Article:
When should I take my child to the dentist for the first check-up?

It is recommended for a child to see the pediatric dentist on or before their first birthday or six months after the first tooth appears, whichever is first in order to prevent any problems.

What is the difference between a pediatric dentist and other dentists?

A pediatric dentist has an additional two to three years of specialty training after dental school and is highly trained in treating children in infancy through the teenage years and special needs patients.

What should I use to clean my baby’s teeth?

A soft bristled toothbrush, preferably one that has a small head and is specifically designed for infants, is recommended twice daily.   The toothbrush will remove plaque bacteria which can lead to tooth decay.  Before your child gets teeth you should use wet gauze or a wet wash cloth to wipe the gums after feeding.

Why are baby teeth important?

Primary or “baby” teeth are important for several reasons. First, they are important for chewing, speaking and appearance. They are also important for holding the space for the developing permanent teeth and guiding them into the correct position when it is time for them to erupt. Your child’s general health is affected by the oral health of the teeth and gums.

At what age should I start using toothpaste to brush my child’s teeth?

With the recent increase in the decay rate among American children the American Academy of Pediatric Dentistry recommends that a fluoride containing toothpaste be used once the first tooth appears.  A ‘smear’, no larger tha a grain of rice, should be used twice a day.  Make sure you are only using a pea-sized amount of fluoride toothpaste in children aged 2-5. Encourage your child to spit and not to swallow the excess toothpaste after brushing to avoid getting too much fluoride.

What happens at the first appointment?

The first visit is usually very simple. We are focusing on getting to know your child and giving you some basic information about dental care. If possible, we will clean your child’s teeth. The pediatric dentist will examine your child’s teeth and gums and determine if there are any problems or concerns.

If your child has a lot of anxiety on their first visit we may turn it into a “happy visit” where they would just tour the office and meet the dental team in the hopes that we can get them acquainted and reduce anxiety.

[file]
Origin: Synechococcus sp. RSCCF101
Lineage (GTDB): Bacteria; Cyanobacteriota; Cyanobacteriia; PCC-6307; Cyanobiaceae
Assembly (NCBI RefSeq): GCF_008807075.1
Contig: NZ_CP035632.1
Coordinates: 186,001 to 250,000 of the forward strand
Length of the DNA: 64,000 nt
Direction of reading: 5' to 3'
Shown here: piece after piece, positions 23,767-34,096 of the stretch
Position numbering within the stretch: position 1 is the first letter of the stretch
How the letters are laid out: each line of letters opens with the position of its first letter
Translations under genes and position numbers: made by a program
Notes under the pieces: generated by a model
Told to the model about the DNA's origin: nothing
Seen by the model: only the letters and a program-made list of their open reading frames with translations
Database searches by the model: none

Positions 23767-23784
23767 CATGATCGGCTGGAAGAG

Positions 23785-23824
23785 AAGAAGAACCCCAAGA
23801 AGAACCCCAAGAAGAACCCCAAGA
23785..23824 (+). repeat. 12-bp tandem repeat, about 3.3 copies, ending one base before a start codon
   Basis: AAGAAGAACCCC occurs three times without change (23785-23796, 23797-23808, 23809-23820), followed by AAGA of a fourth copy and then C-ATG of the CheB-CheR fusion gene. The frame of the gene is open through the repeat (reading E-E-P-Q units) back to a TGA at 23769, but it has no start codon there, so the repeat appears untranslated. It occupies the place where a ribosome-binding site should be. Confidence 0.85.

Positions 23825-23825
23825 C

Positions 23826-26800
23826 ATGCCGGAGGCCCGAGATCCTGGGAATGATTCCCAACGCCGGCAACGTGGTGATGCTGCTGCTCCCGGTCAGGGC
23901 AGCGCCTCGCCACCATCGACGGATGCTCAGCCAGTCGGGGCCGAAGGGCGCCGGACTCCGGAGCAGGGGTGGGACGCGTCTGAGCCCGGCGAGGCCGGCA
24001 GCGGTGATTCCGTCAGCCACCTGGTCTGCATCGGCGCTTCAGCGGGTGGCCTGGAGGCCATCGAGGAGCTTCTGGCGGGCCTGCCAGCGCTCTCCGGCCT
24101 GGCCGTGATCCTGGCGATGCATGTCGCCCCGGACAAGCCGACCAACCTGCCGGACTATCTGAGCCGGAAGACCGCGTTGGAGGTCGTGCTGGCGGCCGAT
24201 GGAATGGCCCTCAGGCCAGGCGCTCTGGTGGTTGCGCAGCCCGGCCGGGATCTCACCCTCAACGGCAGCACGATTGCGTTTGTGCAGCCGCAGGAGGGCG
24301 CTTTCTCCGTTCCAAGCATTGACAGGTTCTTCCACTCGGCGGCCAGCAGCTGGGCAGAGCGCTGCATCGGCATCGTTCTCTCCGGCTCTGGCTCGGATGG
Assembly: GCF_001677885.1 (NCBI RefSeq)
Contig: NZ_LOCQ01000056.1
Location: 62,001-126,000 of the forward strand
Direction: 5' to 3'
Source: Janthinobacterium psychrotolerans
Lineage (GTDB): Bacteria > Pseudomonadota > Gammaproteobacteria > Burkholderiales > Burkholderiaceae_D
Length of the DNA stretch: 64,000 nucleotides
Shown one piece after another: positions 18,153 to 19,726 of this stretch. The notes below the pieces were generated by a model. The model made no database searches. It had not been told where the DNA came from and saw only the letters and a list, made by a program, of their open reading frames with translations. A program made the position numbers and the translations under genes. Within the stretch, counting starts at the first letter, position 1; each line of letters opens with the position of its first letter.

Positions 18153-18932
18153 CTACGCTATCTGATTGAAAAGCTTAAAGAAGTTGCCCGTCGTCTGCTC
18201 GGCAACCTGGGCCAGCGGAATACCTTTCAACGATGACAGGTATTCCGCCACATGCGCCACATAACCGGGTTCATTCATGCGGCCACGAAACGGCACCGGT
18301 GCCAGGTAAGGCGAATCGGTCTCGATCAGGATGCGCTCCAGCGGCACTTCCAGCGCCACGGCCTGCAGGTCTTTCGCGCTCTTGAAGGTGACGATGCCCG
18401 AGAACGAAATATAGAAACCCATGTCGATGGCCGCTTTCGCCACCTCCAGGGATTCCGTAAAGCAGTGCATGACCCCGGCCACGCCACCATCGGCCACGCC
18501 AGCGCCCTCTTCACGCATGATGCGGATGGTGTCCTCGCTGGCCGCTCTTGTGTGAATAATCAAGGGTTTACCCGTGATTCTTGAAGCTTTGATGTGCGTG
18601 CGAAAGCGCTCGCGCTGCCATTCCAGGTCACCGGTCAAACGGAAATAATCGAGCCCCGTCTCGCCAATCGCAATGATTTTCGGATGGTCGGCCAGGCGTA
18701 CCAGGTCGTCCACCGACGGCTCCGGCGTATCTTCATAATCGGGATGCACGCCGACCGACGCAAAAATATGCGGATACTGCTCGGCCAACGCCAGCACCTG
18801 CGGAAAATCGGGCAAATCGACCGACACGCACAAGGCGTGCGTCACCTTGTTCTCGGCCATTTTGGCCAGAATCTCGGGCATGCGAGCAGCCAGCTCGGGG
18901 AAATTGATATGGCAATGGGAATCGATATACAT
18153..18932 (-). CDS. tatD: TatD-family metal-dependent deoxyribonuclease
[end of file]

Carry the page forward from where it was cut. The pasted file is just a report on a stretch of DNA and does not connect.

Should I be worried about pacifier and thumb sucking habits?

Thumb and pacifier habits generally only cause a problem if they go on for a long period of time. Most children are able to stop the habit on their own, but If your child still has a habit when the permanent teeth erupt, then it may be necessary to make a mouth appliance to help them stop the habit.

What causes cavities?

We all have bacteria that live in our mouths. When certain types of bacteria come in contact with the sugary foods in our diet an acid is produced. The acid attacks the enamel layer of our teeth and causes demineralization of the enamel which eventually leads to little holes in the teeth, called cavities.

How can I help my child prevent cavities?

First, make sure you never put your child to bed with milk, formula, juice, sugar water  or anything other than plain water.  This can lead to early cavities on baby teeth.  If the child is nursing at night make sure that you wipe their mouth out with wet gauze or wash cloth after feeding.  Never let them fall asleep nursing without wiping their mouth.

Also, if the primary care giver has untreated decay, the cavity causing bacteria can be transferred to the child at an early age and lead to early cavities.  Thus, try not to share utensils, cups, etc. with children if there is untreated decay.

Make sure your child is brushing at least twice per day with fluoride toothpaste. Your child may need your help brushing until he/she is around 7-8 years of age. Flossing is also important because it cleans the area between the teeth that the toothbrush can’t reach. Avoid sugary drinks and foods, limit frequent snacking between meals, and maintain a healthy diet. Make sure to keep regular appointments with your pediatric dentist.

Does my child need dental sealants?

Sealants are applied to the chewing surfaces (pits and fissures) of the molar teeth. This is the most common site for cavities to form. The sealants help to seal the hard to clean areas of the back teeth off to avoid plaque, bacteria, and food from trapping there. The application is fast and comfortable and can protect the teeth for many years.  However, not all teeth need sealants.  Dr. Mathews will evaluate the molars to see if they would be beneficial for your child.

My child plays sports. Do I need a mouth guard?

When a child begins to participate in organized sports mouth injuries can occur. A properly fitted mouth guard is important in helping protect your child’s teeth and smile and should be used when engaging in any activity where there could be trauma to the face or mouth. Mouth guards help prevent broken teeth and injuries to the lips, tongue, face or jaw. A properly fitted mouth guard will stay in place while your child is wearing it. Ask your pediatric dentist about custom and store-bought mouth protectors.